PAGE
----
By Orson Aguilar
It’s encouraging to see presidential candidates of both parties talking about economic inequality, but they’re missing something important. To fix America’s economy, they must address the huge economic disparities between racial and ethnic groups.
For every dollar of wealth a white family has, the median Asian family has about 81 cents, the median Latino family has 7 cents and the median black family has less than 6 cents. And that comparatively strong overall figure for Asian-Americans masks pockets of severe poverty, particularly among Southeast Asian immigrant communities.
These gaps are not coincidental. They stem from policies such as redlining (officially supported by the U.S. government in the past), environmental racism and disinvestment that suppressed wealth and property values in communities of color. The racial wealth gap didn’t happen accidentally and won’t be fixed without a conscious, determined effort, but so far the candidates have shown little understanding.
Vermont Sen. Bernie Sanders, for example, has made the “gap between the very rich and everyone else” a centerpiece of his campaign. Yet his website page addressing income and wealth inequality doesn’t even mention the racial wealth gap. His proposed solutions, from raising the minimum wage to free public higher education, can help, but don’t address the specific issues of disinvestment in communities of color and the myriad racially skewed policies that stifle entire communities.
Similarly, Hillary Clinton’s economic proposals include lots of language about supporting working people and promoting small business and job training, but fail to address the specific issues underlying the racial wealth gap.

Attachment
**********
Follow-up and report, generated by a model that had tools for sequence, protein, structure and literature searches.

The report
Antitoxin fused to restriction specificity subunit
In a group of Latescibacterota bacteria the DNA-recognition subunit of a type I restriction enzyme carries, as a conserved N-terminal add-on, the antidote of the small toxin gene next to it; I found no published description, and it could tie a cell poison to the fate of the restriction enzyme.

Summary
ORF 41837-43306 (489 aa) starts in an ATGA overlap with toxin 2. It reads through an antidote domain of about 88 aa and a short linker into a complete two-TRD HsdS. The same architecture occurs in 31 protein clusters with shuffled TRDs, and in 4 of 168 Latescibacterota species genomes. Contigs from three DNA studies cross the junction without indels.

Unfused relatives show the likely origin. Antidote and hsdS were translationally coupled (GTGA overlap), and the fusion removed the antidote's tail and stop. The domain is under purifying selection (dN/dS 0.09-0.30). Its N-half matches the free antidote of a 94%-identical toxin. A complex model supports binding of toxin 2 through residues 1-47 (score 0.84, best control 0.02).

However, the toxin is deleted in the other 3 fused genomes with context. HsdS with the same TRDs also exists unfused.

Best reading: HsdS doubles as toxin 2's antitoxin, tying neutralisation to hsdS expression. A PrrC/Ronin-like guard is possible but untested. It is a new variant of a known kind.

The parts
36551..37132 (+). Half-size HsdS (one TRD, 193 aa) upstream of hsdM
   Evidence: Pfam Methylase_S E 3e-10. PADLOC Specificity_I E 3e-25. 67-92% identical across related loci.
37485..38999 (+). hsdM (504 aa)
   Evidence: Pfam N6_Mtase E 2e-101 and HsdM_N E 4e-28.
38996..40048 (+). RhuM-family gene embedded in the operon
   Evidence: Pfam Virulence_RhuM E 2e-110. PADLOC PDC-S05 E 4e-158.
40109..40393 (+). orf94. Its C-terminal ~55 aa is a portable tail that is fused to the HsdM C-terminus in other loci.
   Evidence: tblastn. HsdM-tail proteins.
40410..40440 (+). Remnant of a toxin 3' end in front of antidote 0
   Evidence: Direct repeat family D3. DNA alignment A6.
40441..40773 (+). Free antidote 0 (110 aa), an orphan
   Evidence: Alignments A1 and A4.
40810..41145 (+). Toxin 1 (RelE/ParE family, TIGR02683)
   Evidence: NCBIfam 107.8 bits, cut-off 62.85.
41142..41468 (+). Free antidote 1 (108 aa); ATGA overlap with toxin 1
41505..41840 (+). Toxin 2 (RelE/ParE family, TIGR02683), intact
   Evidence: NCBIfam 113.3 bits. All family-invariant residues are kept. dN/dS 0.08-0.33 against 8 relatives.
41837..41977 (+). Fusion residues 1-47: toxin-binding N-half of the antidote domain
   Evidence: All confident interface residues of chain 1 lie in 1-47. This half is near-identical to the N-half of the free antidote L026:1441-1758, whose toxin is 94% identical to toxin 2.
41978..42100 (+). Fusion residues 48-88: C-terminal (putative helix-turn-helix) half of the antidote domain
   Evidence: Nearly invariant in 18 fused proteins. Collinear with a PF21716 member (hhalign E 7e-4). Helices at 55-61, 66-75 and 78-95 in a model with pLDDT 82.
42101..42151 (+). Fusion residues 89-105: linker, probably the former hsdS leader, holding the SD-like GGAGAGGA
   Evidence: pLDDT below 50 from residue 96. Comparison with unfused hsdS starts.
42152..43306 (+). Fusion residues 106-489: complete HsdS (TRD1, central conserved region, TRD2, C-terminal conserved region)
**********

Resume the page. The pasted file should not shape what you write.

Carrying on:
Republican candidates are also discussing economic disparities. Jeb Bush has talked about an “opportunity gap,” and Donald Trump takes an occasional break from bashing immigrants to call the special tax breaks for hedge fund managers “a total and complete joke.” But they’ve addressed the underlying racial chasm even less than the Democrats, who at least mention it now and then.
We need answers from our leaders. For example, The New York Times recently reported that redlining, theoretically banned decades ago, is back, and keeping African-Americans from getting mortgages. Candidates should be asked what they will do to stop this, and what their plan is for enforcing and strengthening the Community Reinvestment Act to ensure that banks don’t neglect low-income communities.
The Dodd-Frank financial reform act created Offices of Minority and Women Inclusion in the federal agencies that regulate banking. In doing this, Congress sought to ensure that the financial system respects the needs of the communities of color that were exploited during the bubble. Candidates should be asked their proposals to make certain the promise of these offices is fulfilled.
The racial wealth gap ultimately hurts our whole economy. Presidential candidates from all parties should say clearly what they will do about it.